I received my copy of Chris Carter's new book a few weeks ago, but personal events intervened before I could finish reading it, let alone give it a proper review. I've now read all of it, and I'm deeply impressed. Science and the Near-Death Experience is a major addition to the literature of near-death studies, one of the most comprehensive, exhaustively researched, and intellectually serious books ever to cover this fascinating field.
Even better, it's now available in a Kindle edition!
The book makes no secret of its conclusion; the subtitle is How Consciousness Survives Death. Carter lays out his case methodically and logically, like an attorney delivering a masterful closing argument. The opposing side's views are given their due, but the intention throughout is to show that there is a preponderance of evidence in favor of the survivalist interpretation.
Despite the density of its subject matter, Science and the Near-Death Experience is crisply readable. Carter manages the admirable feat of summarizing complicated scientific and philosophical controversies in just a few paragraphs. Take a look at his analysis of eliminitive materialism:
This may sound bizarre, but since materialism cannot account for consciousness, some materialists simply deny their own existence as conscious beings. They are driven to this act of desperation by their conviction that science, which they understand as applied materialism, supports them. Note the self-refuting nature of this position: If I believe that consciousness does not exist, then how could my belief exist? If my consciousness does not exist, then neither does my belief. And if my professed belief is nothing more than a machine going through its motions, then you have no reason to accept it as correct. [p. 71]
This argument isn't original with Carter, but I've seldom seen it expressed so neatly.
Carter's erudition is phenomenal; he seems to have read nearly everything about NDEs and a great deal about related subjects, ranging from ketamine injections to native American folklore. He covers nearly every major proposed psychological and physiological explanation for NDEs, deftly exposing their shortcomings. He treats us to a review of the history of science from ancient Greece to the present day; a crash course in quantum mechanics and its major interpretations (though omitting David Bohm's "holographic universe"); an overview of nascent hypotheses of quantum consciousness; and a look at theories of life and memory. He also throws in a section on deathbed visions. In some ways Science and the Near-Death Experience reminded me of Irreducible Mind in its scope and seriousness, though Carter's prose is more reader-friendly than the dry academic style of IM. (By the way, for those who were put off by the sky-high price of IM in hardcover, there's now a more affordable paperback edition.)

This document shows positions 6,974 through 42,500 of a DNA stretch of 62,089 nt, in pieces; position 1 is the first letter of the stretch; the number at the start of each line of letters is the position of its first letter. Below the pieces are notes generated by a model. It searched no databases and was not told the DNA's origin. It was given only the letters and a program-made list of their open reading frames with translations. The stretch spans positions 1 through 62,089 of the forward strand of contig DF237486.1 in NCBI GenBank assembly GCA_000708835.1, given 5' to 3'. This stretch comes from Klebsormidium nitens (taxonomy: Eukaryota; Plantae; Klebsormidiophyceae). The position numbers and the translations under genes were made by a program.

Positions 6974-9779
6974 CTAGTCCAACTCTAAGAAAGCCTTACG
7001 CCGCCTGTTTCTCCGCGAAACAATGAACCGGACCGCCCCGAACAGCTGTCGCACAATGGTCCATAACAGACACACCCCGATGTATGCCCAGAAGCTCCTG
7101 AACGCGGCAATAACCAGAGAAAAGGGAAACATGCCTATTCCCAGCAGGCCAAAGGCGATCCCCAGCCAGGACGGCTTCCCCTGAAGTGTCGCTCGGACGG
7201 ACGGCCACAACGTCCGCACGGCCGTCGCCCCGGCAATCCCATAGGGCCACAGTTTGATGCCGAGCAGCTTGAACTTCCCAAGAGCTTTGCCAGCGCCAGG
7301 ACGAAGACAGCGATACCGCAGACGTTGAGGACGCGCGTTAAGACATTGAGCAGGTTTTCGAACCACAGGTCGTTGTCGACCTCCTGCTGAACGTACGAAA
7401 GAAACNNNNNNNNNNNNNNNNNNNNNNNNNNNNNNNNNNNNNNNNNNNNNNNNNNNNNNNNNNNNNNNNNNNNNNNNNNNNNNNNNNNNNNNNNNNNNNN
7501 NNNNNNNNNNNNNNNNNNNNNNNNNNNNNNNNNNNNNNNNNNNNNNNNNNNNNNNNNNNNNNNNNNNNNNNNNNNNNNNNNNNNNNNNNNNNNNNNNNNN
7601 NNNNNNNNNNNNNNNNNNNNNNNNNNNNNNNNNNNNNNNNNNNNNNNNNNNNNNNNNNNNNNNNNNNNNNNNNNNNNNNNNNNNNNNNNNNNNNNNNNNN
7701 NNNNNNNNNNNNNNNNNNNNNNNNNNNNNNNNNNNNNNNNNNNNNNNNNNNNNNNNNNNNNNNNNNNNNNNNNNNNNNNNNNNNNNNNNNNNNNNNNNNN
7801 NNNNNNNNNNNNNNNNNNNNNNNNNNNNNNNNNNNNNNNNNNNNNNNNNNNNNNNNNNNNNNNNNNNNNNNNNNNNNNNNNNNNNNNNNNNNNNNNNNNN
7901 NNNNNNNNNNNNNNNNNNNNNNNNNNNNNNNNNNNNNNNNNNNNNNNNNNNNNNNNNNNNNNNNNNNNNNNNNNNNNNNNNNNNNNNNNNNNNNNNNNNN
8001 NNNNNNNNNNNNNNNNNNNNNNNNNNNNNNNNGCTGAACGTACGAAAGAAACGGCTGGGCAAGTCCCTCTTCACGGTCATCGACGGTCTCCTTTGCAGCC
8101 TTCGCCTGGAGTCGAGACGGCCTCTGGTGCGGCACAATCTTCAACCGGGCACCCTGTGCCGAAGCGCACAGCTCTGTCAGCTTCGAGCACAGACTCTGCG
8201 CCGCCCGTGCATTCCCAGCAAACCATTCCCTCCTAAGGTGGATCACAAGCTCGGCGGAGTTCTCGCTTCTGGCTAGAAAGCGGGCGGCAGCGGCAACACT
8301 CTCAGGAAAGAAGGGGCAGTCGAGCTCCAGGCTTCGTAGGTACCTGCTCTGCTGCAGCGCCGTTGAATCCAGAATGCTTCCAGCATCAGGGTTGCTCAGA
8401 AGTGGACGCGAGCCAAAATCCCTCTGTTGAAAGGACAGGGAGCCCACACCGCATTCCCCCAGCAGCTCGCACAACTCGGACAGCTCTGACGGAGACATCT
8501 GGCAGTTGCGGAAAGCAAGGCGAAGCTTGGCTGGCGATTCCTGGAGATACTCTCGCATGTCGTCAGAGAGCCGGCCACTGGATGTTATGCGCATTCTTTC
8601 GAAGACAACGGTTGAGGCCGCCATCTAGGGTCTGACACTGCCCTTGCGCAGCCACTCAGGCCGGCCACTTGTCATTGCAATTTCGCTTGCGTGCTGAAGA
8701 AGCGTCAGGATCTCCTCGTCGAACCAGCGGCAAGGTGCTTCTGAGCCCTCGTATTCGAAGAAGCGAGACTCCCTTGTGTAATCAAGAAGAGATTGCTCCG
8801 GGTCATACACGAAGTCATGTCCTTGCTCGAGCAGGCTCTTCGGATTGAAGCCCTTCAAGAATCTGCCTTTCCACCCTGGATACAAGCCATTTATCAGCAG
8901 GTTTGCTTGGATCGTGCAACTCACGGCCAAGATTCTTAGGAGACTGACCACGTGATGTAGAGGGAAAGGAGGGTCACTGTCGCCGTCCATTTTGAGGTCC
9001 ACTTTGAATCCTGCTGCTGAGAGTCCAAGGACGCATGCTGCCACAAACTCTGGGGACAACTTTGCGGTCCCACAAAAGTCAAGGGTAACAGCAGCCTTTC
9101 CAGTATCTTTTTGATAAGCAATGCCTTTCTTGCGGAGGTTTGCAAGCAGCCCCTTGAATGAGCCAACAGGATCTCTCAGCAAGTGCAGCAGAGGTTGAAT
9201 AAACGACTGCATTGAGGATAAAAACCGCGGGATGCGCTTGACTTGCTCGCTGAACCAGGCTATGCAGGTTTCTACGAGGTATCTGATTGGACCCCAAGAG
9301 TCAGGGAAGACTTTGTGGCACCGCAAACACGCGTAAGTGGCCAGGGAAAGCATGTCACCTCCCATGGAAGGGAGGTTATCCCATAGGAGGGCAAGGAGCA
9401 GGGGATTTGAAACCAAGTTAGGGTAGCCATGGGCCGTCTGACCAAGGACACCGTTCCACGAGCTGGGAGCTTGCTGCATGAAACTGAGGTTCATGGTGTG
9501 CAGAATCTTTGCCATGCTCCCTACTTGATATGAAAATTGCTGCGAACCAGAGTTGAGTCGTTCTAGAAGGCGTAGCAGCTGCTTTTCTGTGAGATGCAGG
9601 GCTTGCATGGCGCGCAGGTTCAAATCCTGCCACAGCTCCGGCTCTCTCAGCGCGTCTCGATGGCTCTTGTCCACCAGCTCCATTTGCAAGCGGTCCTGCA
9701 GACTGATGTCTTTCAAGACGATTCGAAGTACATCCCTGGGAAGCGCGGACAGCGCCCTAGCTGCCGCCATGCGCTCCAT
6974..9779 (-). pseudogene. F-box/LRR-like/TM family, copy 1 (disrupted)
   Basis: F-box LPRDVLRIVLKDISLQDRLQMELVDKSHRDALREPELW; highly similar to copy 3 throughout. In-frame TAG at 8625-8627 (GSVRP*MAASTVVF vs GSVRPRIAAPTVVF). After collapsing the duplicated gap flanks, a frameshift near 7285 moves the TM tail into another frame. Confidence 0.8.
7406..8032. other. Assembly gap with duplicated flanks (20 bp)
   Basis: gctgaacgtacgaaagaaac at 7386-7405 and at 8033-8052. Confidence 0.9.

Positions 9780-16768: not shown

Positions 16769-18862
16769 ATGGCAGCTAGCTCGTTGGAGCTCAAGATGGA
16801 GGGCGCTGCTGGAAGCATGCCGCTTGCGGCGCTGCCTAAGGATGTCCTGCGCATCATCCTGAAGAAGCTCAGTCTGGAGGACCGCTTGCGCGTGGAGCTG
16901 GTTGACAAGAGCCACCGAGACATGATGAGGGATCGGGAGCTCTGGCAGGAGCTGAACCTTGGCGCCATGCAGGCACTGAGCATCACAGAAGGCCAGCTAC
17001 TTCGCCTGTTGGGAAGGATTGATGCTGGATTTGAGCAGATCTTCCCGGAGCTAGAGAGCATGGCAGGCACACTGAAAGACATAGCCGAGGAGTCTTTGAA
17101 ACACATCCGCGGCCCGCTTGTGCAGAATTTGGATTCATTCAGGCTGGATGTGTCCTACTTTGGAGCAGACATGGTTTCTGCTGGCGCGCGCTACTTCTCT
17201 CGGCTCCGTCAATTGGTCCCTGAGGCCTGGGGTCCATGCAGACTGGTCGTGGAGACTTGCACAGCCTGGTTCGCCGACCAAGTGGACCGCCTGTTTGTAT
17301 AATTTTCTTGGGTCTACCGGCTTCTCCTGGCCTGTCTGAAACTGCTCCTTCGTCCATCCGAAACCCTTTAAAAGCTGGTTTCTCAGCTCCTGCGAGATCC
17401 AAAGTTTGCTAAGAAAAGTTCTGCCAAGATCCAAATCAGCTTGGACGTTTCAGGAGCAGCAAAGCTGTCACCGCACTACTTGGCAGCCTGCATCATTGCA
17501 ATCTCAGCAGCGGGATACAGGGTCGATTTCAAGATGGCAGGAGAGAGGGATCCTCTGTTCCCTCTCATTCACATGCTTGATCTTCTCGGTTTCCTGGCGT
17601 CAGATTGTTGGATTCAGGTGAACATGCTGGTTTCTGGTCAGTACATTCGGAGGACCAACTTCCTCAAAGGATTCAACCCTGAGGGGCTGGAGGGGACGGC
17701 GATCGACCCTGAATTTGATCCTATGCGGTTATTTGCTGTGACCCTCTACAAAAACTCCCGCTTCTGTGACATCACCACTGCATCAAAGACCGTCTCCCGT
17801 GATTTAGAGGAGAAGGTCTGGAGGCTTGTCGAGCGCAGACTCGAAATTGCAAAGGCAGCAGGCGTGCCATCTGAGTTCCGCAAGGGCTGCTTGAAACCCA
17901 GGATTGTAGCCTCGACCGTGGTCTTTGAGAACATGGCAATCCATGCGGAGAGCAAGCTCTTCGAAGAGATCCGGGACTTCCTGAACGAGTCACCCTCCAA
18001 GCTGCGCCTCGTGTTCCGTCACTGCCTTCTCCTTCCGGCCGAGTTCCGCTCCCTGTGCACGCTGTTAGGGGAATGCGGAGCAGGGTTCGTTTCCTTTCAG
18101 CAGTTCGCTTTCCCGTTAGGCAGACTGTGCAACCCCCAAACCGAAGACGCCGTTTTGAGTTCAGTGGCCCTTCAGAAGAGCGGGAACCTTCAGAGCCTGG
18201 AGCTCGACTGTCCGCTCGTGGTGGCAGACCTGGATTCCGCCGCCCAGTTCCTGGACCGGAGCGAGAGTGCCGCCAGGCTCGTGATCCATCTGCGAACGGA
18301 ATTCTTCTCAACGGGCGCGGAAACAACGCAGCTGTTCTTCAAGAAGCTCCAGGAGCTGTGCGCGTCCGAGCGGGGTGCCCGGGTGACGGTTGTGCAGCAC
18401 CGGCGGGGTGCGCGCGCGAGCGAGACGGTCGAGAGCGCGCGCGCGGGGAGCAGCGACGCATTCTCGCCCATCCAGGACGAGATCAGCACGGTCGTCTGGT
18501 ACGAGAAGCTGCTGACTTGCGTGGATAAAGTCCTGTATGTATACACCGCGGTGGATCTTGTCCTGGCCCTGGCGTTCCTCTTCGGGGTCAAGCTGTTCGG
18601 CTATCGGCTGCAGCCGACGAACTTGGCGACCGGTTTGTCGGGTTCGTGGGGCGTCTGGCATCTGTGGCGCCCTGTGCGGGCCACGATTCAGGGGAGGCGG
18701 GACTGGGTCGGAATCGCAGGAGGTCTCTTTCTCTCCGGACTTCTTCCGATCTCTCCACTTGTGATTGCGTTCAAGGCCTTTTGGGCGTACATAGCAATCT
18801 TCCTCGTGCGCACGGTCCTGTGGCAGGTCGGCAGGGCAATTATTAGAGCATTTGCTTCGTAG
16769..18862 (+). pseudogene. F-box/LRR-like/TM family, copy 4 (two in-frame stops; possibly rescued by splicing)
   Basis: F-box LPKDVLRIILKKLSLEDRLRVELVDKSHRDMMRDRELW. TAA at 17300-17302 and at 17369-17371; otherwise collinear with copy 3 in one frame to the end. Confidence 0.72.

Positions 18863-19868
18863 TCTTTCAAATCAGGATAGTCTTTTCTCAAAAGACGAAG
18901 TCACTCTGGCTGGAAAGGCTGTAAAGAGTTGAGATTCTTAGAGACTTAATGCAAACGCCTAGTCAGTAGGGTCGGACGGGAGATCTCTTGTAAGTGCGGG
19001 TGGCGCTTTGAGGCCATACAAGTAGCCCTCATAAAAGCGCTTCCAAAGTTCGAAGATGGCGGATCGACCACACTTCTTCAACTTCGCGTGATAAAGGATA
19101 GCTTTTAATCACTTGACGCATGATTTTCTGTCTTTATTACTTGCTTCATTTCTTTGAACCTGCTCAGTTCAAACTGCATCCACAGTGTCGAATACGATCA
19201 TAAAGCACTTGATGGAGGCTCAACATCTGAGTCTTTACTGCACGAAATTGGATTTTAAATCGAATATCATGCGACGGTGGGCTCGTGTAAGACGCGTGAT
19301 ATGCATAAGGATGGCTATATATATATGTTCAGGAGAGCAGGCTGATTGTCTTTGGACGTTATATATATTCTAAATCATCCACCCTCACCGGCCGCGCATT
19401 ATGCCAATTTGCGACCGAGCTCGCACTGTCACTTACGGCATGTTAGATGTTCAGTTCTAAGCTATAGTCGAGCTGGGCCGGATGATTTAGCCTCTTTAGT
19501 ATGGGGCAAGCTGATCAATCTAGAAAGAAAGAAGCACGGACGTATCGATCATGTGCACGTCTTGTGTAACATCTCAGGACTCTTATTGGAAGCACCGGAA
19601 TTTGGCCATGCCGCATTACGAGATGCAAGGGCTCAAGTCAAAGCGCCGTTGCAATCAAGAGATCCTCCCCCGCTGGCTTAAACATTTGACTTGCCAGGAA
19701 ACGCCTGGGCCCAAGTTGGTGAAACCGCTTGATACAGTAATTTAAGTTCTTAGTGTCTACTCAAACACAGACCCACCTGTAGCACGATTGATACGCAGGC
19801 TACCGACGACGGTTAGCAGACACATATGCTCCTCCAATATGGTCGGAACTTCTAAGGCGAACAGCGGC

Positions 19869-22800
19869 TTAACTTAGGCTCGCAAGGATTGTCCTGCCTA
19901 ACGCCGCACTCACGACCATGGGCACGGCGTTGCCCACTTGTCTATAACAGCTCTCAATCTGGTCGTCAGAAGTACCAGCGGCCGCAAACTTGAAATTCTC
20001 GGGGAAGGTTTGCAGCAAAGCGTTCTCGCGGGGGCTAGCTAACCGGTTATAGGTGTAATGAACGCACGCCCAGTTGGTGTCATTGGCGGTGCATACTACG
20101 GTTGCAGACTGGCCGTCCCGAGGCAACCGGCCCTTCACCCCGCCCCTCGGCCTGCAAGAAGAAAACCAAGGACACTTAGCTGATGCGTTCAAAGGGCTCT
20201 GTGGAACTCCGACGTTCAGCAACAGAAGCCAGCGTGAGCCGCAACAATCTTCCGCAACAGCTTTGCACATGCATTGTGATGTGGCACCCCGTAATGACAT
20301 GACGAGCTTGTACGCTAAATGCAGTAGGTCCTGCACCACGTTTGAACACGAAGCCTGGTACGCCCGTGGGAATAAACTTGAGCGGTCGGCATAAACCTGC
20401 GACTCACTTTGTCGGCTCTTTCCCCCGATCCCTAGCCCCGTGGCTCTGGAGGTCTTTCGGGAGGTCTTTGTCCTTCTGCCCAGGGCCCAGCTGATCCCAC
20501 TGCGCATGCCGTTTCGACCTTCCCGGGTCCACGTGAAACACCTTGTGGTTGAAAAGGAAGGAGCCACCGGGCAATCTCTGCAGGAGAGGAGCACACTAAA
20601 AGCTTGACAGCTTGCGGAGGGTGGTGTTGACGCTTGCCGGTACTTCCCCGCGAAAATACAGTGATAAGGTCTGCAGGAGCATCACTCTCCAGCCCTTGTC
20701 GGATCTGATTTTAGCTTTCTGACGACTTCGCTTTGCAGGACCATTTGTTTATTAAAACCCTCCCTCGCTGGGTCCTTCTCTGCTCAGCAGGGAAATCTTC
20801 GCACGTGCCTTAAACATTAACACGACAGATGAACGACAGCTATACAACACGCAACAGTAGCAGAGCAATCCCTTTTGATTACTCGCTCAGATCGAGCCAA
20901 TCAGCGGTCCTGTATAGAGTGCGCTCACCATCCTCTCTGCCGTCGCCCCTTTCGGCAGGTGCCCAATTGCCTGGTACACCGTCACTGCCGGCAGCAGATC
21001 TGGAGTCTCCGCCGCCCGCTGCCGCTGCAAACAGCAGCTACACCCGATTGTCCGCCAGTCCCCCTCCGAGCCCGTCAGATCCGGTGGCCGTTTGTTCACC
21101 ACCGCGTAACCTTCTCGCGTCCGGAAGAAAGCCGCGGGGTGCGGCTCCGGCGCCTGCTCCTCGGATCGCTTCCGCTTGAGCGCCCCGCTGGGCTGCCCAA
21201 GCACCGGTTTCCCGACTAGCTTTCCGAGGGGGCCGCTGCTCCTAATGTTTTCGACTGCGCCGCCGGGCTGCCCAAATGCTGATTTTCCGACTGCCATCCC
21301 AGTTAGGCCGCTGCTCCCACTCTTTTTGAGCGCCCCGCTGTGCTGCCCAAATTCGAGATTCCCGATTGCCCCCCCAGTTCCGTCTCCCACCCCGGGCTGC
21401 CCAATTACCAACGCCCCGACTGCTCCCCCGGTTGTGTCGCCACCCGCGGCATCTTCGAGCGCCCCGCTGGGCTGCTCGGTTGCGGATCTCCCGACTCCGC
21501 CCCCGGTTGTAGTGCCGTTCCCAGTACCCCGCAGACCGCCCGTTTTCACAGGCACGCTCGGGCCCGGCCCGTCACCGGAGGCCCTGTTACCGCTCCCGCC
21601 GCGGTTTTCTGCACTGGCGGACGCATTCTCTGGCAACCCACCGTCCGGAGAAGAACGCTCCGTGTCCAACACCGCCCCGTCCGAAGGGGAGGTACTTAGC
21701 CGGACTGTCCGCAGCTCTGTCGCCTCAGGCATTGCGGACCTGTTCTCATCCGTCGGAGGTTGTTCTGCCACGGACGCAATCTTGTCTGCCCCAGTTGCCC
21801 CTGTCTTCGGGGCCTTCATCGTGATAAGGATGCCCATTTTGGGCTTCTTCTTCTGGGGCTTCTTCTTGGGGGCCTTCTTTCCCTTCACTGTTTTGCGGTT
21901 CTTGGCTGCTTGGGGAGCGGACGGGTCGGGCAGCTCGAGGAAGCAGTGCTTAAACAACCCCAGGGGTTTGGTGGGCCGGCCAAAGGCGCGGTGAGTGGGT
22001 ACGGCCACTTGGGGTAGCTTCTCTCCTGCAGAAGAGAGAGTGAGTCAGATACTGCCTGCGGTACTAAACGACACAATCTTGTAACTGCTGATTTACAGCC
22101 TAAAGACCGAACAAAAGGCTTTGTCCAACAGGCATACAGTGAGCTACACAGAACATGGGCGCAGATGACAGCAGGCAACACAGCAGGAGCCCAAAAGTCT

I do have a few criticisms of Carter's book. For one thing, I felt that it began too abruptly, plunging the reader into a heavy discussion of philosophy and science after only the briefest of introductions. It might have been preferable to move Chapter 7, "Reports from the Brink," to the beginning of the book, so as to present some typical NDEs and set the stage for the in-depth discussion that would follow.
I also found it odd that some of the more prominent critics of nonphysical interpretations of NDEs went unnamed. Two examples are Keith Augustine and Gerald Woerlee. Neither is mentioned in the book or included in the bibliography. In particular, I would have liked to see a detailed response to Woerlee's theory that NDEs are explainable in terms of partial consciousness during CPR or while under anesthesia.
Finally, I found Chapter 3, "Opinions from Neuroscience," rather sketchy. Only two neuroscientists - Wilder Penfield and John Eccles - are cited, and while they're both prominent figures, their work was carried out decades ago. Later in the book, however, we do learn of some contemporary neurologists who are critical of materialist explanations, and the section on quantum consciousness suggests an alternative to more conventional theories.
These are relatively minor criticisms, which I mention mainly for completeness. Overall, Science and the Near-Death Experience is a remarkable accomplishment, deserving the widest possible audience. I can't say it any better than Ervin Laszlo, who writes:
Carter's book is not only an important contribution to this literature; it is its current crowning achievement. For he masters both the theoretical and the evidential approach, showing that belief to the contrary of the survival of consciousness is mere, and now entirely obsolete, dogma, and that the evidence for survival is clear and rationally convincing. A book to read and to remember for the rest of one's life - and perhaps beyond ...
P.S. I intend to post a very abbreviated version of this review on Amazon, and I suggest that readers who enjoyed Science and the Near-Death Experience post their own reviews there, as well. Reader reviews can be highly effective in selling books.